Several studies have shown that women of childbearing age have a lower risk than men of developing a wide range of diseases. A phenomenon attributed to female sex hormones. Conversely, women are more susceptible to autoimmune diseases, in which an excessive immune and inflammatory response are among the factors that determine their development. Focus at the 15th World Congress on Inflammation
June 16 –
Gender medicine represents a new frontier in medical scientific research. An approach that takes into account the differences between men and women in health with the aim of providing more, more appropriate and personalized care. From prevention to diagnosis, from symptoms to response to treatments. Being a man or a woman has a special impact on many clinical aspects, from the injury to the symptoms and even the course of many diseases, especially those that have an inflammatory basis such as cardiovascular disease, neurodegeneration, respiratory system, autoimmune diseases and tumors.
This is what Professor S Elizabeth Vegeto From the University of Milan, who spoke during the “Gender and Gender Differences” session held during 15th World Congress on Inflammation (5-8 June, Rome)organized by Italian Society of Pharmacology (Sword) H By the International Association of Inflammatory Societies (despair).
“In recent years, research in the field of sex medicine has – says Vegito – made great progress: many studies have shown, in fact, that women of childbearing age have a lower risk than men of developing a wide range of diseases, compared to men, including those who have an inflammatory base. I think, for example, of atherosclerosis, osteoporosis, neurodegenerative and inflammatory diseases. A phenomenon attributed to female sex hormones that regulate reproductive life and help modulate the inflammatory process and immune response.”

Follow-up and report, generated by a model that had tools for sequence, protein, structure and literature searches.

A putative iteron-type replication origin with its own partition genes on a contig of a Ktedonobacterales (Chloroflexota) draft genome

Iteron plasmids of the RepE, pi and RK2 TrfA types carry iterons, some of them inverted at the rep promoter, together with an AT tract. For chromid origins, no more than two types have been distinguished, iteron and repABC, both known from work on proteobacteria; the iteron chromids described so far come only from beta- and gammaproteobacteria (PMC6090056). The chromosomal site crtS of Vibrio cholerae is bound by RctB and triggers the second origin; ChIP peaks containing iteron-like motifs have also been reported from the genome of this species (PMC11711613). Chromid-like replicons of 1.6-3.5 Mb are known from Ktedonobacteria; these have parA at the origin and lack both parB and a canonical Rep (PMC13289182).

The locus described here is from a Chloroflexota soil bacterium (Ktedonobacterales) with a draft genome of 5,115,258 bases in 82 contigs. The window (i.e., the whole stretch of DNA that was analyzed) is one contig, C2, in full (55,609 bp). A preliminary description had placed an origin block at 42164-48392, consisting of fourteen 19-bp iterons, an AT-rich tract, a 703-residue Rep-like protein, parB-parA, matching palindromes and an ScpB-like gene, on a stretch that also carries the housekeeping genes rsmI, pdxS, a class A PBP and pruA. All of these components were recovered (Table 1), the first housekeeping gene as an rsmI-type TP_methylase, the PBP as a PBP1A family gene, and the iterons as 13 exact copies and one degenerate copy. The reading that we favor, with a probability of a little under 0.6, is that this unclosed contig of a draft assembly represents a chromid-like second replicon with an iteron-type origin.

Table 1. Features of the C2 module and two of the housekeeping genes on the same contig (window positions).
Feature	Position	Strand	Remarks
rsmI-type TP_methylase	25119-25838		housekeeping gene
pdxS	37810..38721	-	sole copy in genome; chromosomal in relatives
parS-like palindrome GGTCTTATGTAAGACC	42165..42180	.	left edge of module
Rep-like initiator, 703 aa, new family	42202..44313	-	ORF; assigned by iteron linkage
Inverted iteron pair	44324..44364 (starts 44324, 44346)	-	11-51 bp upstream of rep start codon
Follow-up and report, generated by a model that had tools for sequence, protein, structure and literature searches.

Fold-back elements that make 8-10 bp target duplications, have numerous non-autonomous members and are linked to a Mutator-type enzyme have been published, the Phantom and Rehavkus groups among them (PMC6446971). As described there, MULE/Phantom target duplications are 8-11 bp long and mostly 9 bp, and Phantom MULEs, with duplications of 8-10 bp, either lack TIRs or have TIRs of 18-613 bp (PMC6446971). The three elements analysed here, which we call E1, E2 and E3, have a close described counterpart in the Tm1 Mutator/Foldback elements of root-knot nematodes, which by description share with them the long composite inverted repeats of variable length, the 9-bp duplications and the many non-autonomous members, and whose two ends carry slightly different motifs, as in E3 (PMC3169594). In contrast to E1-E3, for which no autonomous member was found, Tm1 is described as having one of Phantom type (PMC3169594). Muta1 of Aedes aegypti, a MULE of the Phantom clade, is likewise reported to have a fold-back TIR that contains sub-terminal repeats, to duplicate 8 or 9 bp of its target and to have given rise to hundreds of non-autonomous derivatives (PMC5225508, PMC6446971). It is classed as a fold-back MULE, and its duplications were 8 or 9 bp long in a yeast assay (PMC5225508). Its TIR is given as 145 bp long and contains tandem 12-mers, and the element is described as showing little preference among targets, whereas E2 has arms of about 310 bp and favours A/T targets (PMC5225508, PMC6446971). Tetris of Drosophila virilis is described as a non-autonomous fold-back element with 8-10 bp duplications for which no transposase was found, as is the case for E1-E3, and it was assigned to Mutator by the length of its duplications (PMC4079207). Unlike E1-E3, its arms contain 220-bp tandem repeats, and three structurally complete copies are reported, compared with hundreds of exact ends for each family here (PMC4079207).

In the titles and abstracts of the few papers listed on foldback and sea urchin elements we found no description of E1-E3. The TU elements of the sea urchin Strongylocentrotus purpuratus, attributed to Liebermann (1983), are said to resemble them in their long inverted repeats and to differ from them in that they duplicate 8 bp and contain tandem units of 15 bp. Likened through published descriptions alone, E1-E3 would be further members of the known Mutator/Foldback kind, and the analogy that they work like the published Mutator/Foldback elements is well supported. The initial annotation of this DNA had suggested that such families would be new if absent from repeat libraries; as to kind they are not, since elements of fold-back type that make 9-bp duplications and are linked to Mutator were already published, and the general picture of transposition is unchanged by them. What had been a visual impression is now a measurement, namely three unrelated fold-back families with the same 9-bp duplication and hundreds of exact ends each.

In the age of personalized medicine, gender differences find their basis in genetic and hormonal factors. Factors that, in fact, also particularly affect the immune system of men and women. In particular, an important role in regulating the inflammatory process is entrusted to estrogen, the main female sex hormone, which is produced starting from puberty throughout the fertile period until a sharp decline with menopause.
“In general, women have – and Prof. Vegito still does – a stronger immune response than men and this is largely due to estrogen, which is able to contain and modulate the inflammatory process so as to speed up its resolution. Also thanks to the action of estrogen, women of childbearing age are more protected of some diseases compared to men; with menopause and the consequent decrease in estrogen, the proportion of women who get sick increases dramatically.”
Among the diseases that show significant differences between the sexes we find autoimmune diseases, which mainly affect women. “If, as Professor Vegito explains, the greater interaction of the female immune system than that of the male has a protective effect, there are cases where this property can be harmful as in autoimmune diseases, where an overreaction of the immune and inflammatory type is among the factors identified in the development of these diseases”.
Estrogen plays a major role in immune hyperreactivity andTherefore, it is necessary to develop personalized therapies directed against those mechanisms, including those regulated by estrogen, that give rise to disease in different ways between the sexes.
Estrogen is among the ideal candidates for developing new and innovative therapeutic approaches in the name of ever more personalized medicine.
“To date, numerous studies are being conducted – and he continues – aiming to better understand the mechanism of action of estrogen in regulating the immune response with a view to developing precise drug therapies. On the one hand, the search for therapeutic approaches capable of ‘simulating’ the beneficial immune action of estrogen, for example, is being conducted. To prevent atherosclerosis or some types of infections; on the other hand, we need drugs that selectively block hormonal action when it becomes undesirable, as is the case in some autoimmune diseases and some types of cancer.”
June 16, 2022
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